The Supreme Court rendered the 107-Tai-Shang-2127 Civil Decision of April 3, 2019 (hereinafter, the “Decision”), holding that if a lessor indicates upon execution of the leasing agreement that there will be no renewal of the lease or a separate agreement shall be executed to renew the lease, still this is an expression of the lessor’s intent not to renew the lease and should be effective in preventing the renewal of the lease.
According to the facts underlying this Decision, the Appellee asserted as follows. He executed the leasing agreement at issue to lease the leased land occupied by Building A and Building B separately (hereinafter, “Lease A” and “Lease B”). Upon expiration of the lease, the Appellant delayed the demolition of Building A and Building B for the return of the land at issue. Therefore, a complaint was filed to request the demolition of the buildings and return the land. The original trial court ruled in favor of the Appellee. Dissatisfied, the Appellant filed this appeal.
According to this Decision, whether a fixed-term lease contract may become a lease contract with an indefinite term after it expires should be conditioned by the lessor’s expression of intent against this rather than by the collection of a payment for usage benefits. In addition, if the lessor indicates upon execution of a lease agreement that there will absolutely no renewal upon expiration of the lease agreement or that a separate agreement should be executed to renew the lease, this is still an expression of the lessor’s intent against the renewal of the lease. Therefore, it is difficult to conclude that this does not effectively prevent the renewal of the lease. Hence, the finding of the original trial court that there was no continued lease with an indefinite term after the two leases expired is not inappropriate since Article 11 of Lease A and Lease B between the two parties specifically stipulates that a separate agreement shall be executed to renew the lease and the provision on the implied renewal of a lease agreement under Article 451 of the Civil Code does not apply.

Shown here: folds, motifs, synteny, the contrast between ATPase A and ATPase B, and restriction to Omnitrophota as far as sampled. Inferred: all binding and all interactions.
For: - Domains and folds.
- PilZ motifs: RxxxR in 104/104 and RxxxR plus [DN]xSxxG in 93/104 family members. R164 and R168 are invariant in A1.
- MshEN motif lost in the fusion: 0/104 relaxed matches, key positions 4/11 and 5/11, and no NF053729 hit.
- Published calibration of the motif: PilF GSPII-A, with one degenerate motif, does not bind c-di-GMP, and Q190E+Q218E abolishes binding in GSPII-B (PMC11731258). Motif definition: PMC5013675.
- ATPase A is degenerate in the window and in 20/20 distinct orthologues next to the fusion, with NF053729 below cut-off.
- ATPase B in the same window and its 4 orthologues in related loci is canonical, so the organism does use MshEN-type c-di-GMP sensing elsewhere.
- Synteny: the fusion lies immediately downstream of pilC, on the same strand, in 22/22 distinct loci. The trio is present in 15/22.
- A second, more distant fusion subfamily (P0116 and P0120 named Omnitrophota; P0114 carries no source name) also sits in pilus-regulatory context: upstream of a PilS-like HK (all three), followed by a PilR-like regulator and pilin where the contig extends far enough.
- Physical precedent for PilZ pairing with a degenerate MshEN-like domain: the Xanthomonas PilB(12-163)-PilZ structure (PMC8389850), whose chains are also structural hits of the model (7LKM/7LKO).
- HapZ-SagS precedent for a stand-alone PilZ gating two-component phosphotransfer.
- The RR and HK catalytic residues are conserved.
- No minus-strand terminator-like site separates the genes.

It was further pointed out in this Decision that when the parties mutually have a consistent expression of intent, be it explicit or implicit, an agreement is deemed established. If the parties have the same intent on essential points but do not express their intent on non-essential points, it shall be presumed that an agreement is established. If the parties do not have inconsistent intent on such non-essential points, the court shall make a determination based on the nature of the matter, as specifically stipulated under Article 153 of the Civil Code. It is understood that the Appellee submitted a request to apply for the renewal of the lease and requested the least agreement to have a term of five years. The Appellee did not respond to the Appellant’s renewal matter concerning the lease of Land A, but responded to the Appellant that had leased Land B by indicating that the Appellee was only willing to renew the lease for one year or two years. However, the Appellant failed to sign and return the lease agreement as instructed by the Appellee. These are facts lawfully recognized by the original trial court. Therefore, the original trial court concluded that both parties failed to enter into a lease agreement on the land at issue after Lease A and Lease B expired since the term of lease, which was not a factor of the lease agreement between both parties, was also included in the essential points for the lease agreement and was not agreed between the parties through their expression of intent. Since this was not legally inappropriate, it was concluded that since the Appellant’s appeal was groundless, the appeal was dismissed.